On HBO’s Real Time this week, Bill Maher mentioned a little brouhaha he created on CNN by declaring that America is a stupid country, a sentiment Bill O’Reilly takes great offense at on his show (which may be an effort in proving Maher’s point).

I’m not too concerned with the question of where the United States ranks on stupidity tables. If it’s stupidity that created New York City, Silicon Valley, the Hoover Dam and the quality of life enjoyed widely across this country, then I’m glad for it. Maher quotes from some poll numbers based on questions like “Who is your representative in Congress?” with many participants unable to give the correct answer. I’m fairly sure these poll exercises could be replicated in other countries with similar results. And that wouldn’t be so surprising, since Americans were the emigrants from all of those other countries in the first place!

(I suppose it could be argued, however, that since Americans are the descendants of those who made the decision to leave the safety of their countries on a boat to seek out an adventurous new life in the New World, they may thus be more daring than they are intelligent. Maybe the smart people stayed home? Too intelligent to risk their lives on such frivolous behavior?)

Anyway, the results of IQ tests put America well above average intelligence in world terms, ranking 17 out of 80, sharing an average IQ of 98 with Australia, only two points behind the United Kingdom and New Zealand.

I’ve always noticed two distinct ‘kinds’ of intelligence: the academic and the practical. I know some savvy businesspeople who are extremely smart in a practical way: they’ll always make the right decisions, they’ll make money, they’ll manage their lives and their businesses and be very successful at all of it. But ask them a question about philosophy, science or literature and they can’t approach it. Conversely there are many intelligent academics who can’t change the oil in their car or make money by themselves. I guess this is the difference between being ‘book smart’ and ‘street smart’ (or in Venice, ‘canal smart’ – tip of the hat to Mitch Hedberg for that joke which sounds lame when I do it).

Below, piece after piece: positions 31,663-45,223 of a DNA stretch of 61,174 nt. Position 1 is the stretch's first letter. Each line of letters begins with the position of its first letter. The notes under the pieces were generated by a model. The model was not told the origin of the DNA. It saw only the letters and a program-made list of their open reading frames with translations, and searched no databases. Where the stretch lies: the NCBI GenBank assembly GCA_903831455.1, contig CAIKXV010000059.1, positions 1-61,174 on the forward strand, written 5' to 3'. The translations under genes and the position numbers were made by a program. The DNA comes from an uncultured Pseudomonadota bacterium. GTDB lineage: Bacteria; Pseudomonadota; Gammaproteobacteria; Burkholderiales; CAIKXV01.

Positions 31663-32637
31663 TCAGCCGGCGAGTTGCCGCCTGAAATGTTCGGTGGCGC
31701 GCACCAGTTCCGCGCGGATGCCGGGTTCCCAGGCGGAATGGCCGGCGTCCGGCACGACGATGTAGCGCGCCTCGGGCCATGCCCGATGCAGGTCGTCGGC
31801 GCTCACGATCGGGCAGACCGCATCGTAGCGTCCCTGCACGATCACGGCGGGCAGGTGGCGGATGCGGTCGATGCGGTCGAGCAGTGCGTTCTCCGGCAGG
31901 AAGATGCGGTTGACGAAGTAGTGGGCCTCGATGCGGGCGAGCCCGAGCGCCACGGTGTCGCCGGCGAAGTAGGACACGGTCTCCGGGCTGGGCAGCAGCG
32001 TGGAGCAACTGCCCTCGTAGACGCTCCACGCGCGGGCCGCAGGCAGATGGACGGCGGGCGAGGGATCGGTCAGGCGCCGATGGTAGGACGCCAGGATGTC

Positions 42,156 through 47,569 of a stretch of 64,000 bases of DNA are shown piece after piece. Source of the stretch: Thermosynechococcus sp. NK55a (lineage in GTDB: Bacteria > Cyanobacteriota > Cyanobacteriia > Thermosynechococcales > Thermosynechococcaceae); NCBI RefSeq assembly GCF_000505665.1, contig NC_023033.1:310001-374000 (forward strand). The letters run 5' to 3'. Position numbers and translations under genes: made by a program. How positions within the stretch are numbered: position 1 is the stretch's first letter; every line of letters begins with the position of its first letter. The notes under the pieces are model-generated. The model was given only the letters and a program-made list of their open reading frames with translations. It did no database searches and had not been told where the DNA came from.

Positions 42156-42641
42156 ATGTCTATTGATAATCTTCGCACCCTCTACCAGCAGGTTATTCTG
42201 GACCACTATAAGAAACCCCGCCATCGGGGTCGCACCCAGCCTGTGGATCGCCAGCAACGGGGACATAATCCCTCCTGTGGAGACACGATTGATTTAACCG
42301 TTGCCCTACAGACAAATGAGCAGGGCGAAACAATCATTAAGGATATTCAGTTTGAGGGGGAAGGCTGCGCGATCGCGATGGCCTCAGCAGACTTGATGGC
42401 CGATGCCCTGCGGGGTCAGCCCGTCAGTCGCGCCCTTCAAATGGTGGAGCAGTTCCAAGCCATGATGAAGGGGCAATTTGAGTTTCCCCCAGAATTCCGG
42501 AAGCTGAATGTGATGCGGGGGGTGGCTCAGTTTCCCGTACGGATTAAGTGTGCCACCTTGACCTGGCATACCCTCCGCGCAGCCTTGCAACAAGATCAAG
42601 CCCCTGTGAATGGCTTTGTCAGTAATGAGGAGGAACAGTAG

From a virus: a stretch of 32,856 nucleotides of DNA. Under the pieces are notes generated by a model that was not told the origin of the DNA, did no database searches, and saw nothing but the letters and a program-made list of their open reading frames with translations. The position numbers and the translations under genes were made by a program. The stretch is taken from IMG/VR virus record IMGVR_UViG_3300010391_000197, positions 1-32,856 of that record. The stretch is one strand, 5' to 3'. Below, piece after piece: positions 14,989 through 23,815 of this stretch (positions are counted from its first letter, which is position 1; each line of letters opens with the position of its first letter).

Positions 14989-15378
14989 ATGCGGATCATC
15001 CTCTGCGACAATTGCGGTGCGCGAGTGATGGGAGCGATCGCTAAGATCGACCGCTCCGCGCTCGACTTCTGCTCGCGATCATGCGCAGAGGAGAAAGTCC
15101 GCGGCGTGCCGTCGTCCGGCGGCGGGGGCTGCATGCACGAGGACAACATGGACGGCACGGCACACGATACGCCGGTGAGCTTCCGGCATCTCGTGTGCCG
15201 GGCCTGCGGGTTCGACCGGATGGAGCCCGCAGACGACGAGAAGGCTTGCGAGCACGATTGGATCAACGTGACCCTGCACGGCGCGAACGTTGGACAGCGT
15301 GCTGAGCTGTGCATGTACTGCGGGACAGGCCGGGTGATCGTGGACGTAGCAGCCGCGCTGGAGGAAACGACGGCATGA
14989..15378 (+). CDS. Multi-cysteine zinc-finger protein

In America, I think there are more people who are practically smart than academically smart. That would explain the high GDP (which, by the way, correlates with the IQ of a nation, according to IQ and the Wealth of Nations by my fellow countryman Richard Lynn). Americans are great engineers, great inventors, great businesspeople, great gamblers, though they may know less about the kinds of questions being asked in these polls. They learn by doing, not by reading.

Is this generalizing? Yes, but so was Maher when he said this is a stupid country.

Maher says the automatically-flushing toilet was invented because people weren’t flushing in public restrooms. They’re too stupid even to flush, he says, let alone understand the workings of the federal government or the IRS tax code. (Don’t get me started on that one.) What he’s really done is to create a false dichotomy. Who knows why they don’t flush, but people can still be smart without knowing the answers to trivia questions.

Of course, he also cites Sarah Palin.

I’ll give him that one.